Caledonian Sleeper

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Mathew S

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It does appear that a shortage of 92s might have been the problem as 92006 off the down Highlander has appeared at Glasgow to take the empties (and 92043) to Polmadie.
I may be being thick, but why would a shortage of locomotives cause the service to have to be started at Motherwell rather than Glasgow Central?
 

Mag_seven

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I may be being thick, but why would a shortage of locomotives cause the service to have to be started at Motherwell rather than Glasgow Central?
Because to start at Glasgow Central you would need two locos - one for the empty coaching stock and one for the service itself. If there is no available loco for the ECS you can run it straight out of Polmadie down to Motherwell and start there with no reversal required.
 

Steddenm

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I may be being thick, but why would a shortage of locomotives cause the service to have to be started at Motherwell rather than Glasgow Central?
One loco will take the ECS into GLC and sit on the buffers until another loco has taken the stock south to EUS. The ECS loco will then return to the depot. They need two Class 92s to be able to do this.
 

marks87

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One loco will take the ECS into GLC and sit on the buffers until another loco has taken the stock south to EUS. The ECS loco will then return to the depot. They need two Class 92s to be able to do this.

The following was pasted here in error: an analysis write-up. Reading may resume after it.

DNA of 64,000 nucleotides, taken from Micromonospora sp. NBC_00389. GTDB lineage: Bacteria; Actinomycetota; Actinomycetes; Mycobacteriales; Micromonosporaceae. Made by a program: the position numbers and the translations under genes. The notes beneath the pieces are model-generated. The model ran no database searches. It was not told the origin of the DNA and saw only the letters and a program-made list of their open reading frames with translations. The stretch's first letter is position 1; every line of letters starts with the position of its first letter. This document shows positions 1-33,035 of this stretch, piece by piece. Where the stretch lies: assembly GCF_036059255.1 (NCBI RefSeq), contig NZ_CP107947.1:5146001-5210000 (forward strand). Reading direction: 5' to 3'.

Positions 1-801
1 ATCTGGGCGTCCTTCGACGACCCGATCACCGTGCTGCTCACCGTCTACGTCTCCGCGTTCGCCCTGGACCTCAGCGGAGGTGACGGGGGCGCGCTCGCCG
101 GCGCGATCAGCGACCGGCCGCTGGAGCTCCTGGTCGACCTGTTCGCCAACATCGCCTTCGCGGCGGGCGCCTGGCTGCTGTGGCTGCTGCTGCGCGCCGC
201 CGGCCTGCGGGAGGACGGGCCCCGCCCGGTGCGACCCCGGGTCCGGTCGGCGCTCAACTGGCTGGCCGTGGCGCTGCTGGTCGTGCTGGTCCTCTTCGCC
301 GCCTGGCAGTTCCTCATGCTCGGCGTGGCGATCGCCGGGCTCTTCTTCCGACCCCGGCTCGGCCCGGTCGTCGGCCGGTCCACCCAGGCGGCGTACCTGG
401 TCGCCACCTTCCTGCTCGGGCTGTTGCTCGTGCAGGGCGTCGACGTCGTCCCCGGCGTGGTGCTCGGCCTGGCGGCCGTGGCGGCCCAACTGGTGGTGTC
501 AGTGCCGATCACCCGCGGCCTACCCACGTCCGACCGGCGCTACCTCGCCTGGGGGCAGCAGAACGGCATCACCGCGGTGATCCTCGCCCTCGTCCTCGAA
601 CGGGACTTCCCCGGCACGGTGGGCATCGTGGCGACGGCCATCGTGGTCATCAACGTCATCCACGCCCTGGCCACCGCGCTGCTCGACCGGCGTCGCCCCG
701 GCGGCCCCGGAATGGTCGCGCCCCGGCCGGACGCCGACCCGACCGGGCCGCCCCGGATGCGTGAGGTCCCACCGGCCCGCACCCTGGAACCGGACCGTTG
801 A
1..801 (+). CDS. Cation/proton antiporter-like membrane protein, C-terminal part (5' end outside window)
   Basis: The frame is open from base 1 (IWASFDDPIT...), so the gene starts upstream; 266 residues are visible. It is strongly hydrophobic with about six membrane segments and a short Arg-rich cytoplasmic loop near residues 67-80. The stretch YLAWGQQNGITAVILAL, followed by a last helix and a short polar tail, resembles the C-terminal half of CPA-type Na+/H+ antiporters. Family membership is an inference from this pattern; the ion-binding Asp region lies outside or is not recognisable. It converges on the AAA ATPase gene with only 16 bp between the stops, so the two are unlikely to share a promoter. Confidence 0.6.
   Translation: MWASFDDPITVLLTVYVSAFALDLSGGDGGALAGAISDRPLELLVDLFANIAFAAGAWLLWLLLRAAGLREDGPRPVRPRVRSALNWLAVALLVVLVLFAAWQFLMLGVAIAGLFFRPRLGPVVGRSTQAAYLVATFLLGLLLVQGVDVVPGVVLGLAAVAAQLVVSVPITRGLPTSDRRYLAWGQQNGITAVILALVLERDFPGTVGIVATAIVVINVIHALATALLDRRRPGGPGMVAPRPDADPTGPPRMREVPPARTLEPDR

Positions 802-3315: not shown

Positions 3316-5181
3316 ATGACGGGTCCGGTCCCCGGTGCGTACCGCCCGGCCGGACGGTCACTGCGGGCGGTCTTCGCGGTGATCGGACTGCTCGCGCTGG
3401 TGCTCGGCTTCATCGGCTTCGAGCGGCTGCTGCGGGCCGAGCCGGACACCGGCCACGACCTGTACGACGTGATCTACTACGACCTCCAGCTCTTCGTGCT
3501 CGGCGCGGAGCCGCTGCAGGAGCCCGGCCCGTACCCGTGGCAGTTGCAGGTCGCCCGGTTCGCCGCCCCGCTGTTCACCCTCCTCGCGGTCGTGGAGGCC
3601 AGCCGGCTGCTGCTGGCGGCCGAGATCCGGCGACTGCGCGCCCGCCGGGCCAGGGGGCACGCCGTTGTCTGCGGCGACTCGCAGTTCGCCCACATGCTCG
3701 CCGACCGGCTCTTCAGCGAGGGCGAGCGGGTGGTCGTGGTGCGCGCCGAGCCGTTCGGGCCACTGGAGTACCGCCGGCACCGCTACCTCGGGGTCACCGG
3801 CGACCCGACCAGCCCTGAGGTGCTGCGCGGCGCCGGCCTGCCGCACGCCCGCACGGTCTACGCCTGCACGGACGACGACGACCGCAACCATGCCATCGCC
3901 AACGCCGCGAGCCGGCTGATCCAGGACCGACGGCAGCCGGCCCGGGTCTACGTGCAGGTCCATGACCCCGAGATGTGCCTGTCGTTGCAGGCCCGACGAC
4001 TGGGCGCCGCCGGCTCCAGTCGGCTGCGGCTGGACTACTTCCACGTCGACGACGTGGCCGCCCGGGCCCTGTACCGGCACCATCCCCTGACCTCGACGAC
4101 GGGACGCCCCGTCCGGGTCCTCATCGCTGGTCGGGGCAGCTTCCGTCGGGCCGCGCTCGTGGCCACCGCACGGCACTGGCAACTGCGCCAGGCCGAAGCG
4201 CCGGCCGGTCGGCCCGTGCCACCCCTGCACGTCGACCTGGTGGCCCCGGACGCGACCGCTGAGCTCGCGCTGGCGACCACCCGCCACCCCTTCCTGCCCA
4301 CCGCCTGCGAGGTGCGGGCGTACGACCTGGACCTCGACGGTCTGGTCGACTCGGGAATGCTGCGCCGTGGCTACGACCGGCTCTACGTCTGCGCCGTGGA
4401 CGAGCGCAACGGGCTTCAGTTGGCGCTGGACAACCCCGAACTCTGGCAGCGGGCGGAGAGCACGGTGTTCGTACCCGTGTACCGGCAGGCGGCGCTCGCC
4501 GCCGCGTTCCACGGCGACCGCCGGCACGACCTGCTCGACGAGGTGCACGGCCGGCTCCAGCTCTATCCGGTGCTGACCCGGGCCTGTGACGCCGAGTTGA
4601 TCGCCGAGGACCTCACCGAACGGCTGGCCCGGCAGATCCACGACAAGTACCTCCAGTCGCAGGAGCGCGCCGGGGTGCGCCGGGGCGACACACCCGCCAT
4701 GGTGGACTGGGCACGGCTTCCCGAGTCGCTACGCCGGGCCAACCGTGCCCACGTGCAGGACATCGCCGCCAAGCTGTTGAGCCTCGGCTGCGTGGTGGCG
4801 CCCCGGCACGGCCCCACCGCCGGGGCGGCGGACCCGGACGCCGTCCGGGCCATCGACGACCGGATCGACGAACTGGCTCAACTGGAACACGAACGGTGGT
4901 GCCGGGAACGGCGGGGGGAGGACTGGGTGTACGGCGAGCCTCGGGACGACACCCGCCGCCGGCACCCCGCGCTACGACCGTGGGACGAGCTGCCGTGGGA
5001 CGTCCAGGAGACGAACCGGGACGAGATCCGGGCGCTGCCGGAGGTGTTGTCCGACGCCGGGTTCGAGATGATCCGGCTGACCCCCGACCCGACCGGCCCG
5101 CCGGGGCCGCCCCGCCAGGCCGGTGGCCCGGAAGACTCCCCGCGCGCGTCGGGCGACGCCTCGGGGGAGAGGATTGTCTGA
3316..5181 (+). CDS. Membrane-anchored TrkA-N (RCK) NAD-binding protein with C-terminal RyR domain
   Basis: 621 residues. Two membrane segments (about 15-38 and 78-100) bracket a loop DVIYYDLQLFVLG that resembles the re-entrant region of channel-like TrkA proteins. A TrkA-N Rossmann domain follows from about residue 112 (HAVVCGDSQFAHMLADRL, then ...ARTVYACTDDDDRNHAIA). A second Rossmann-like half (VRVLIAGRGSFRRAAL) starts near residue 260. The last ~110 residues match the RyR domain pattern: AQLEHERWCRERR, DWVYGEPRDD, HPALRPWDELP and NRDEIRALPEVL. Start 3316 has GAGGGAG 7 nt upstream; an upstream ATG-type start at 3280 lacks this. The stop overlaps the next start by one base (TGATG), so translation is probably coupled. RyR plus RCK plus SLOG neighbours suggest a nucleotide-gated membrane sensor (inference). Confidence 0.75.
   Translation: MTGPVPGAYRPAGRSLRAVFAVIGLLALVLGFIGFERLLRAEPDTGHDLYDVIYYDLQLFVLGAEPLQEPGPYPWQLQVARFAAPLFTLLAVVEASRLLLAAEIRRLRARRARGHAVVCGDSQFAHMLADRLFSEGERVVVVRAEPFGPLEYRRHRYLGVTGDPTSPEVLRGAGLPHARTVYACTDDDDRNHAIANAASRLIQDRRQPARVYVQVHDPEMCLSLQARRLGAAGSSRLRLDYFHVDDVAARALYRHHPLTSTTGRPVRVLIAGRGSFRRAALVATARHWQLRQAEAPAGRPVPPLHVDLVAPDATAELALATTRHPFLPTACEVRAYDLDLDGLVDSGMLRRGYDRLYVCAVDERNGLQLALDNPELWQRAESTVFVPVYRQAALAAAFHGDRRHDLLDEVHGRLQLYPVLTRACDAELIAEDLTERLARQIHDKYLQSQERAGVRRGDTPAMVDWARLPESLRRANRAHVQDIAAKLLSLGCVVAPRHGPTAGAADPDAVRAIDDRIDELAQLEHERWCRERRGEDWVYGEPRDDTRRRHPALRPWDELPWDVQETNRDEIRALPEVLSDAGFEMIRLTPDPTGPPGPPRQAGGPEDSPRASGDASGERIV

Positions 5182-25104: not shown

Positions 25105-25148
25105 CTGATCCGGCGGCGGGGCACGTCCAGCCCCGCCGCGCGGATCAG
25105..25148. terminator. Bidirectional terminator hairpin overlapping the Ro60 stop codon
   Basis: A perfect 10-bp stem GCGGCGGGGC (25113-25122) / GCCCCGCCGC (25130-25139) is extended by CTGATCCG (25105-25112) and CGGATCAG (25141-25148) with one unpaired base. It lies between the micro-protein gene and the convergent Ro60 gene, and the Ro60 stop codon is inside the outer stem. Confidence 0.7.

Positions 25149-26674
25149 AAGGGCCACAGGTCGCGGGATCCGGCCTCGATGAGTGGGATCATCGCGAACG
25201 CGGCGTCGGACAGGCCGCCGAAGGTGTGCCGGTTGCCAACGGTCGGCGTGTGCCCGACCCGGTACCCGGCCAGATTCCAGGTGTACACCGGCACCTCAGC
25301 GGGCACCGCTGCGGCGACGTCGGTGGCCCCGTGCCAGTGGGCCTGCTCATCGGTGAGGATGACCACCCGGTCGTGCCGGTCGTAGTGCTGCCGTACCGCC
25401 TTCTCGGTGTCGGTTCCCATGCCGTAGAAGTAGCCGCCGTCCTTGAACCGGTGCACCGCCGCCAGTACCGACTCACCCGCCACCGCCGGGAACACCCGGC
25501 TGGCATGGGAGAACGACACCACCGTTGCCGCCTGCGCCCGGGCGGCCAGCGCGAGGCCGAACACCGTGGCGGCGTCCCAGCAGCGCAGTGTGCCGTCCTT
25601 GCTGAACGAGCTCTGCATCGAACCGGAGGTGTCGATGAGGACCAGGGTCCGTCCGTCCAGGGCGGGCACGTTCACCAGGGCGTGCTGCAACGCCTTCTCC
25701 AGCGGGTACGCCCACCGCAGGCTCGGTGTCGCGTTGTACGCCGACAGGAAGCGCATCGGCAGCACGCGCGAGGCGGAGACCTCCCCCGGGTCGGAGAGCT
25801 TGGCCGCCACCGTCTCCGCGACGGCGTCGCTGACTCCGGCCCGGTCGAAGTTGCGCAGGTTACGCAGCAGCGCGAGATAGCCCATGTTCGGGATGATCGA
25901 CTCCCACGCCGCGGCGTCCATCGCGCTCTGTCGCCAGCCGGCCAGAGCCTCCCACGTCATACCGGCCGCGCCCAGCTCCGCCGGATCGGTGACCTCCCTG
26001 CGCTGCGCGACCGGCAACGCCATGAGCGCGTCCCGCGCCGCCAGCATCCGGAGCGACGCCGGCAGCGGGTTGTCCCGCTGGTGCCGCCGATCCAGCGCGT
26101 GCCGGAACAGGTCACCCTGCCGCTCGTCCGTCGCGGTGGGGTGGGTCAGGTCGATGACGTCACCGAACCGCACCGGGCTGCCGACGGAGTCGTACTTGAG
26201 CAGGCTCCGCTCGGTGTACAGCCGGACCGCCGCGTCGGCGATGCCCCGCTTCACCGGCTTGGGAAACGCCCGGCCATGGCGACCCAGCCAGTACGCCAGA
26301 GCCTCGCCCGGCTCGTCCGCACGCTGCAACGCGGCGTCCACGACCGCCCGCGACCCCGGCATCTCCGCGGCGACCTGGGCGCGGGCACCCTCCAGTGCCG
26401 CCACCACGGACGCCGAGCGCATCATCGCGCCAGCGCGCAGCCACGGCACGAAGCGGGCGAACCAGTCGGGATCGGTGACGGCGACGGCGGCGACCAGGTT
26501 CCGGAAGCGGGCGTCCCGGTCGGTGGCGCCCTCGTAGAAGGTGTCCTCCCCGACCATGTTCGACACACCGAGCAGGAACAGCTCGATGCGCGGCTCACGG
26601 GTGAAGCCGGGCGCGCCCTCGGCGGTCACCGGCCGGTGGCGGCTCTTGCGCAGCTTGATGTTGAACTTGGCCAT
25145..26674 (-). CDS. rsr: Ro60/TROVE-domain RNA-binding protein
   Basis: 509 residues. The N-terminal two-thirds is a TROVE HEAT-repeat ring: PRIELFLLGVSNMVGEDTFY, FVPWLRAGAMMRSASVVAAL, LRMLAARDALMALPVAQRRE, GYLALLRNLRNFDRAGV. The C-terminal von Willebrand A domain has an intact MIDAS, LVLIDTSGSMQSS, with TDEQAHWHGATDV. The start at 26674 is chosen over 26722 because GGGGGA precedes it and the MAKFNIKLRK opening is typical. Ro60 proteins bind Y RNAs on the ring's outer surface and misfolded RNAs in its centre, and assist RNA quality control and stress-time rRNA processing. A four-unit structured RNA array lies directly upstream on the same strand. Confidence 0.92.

Could this be the first demonstration of a significant drawback in having Dellner couplers?

Obviously we can't assume an alternative loco would have been available, but it wasn't unheard of in the past for the Mk2/3 ECS to be brought in by a 66 or 47.
 

Journeyman

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I've yet to do a full overnighter in the Mark 5s, but on Saturday morning I travelled in the seated car from Edinburgh to Fort William. I'd never normally consider doing a full night in the seats, so it's about the only time I'd ever use them.

Must say I was quite impressed with the seated car, which I reckon is considerably better than the Mark 2s. The seats are spacious and comfortable, and I thought décor and lighting were good. Only niggle is that the coach was fresh out the depot on a changeover, and it was very cold when we boarded - it took some time to warm up, but the TM sorted us out with free hot drinks from the lounge car!

Ride, like a lot of new vehicles, is a touch on the firm side, and was excessively bouncy on the dodgier bits of the WHL.
 

Leo1961

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Could this be the first demonstration of a significant drawback in having Dellner couplers?

Obviously we can't assume an alternative loco would have been available, but it wasn't unheard of in the past for the Mk2/3 ECS to be brought in by a 66 or 47.
Quite simply, yes.
 

Meerkat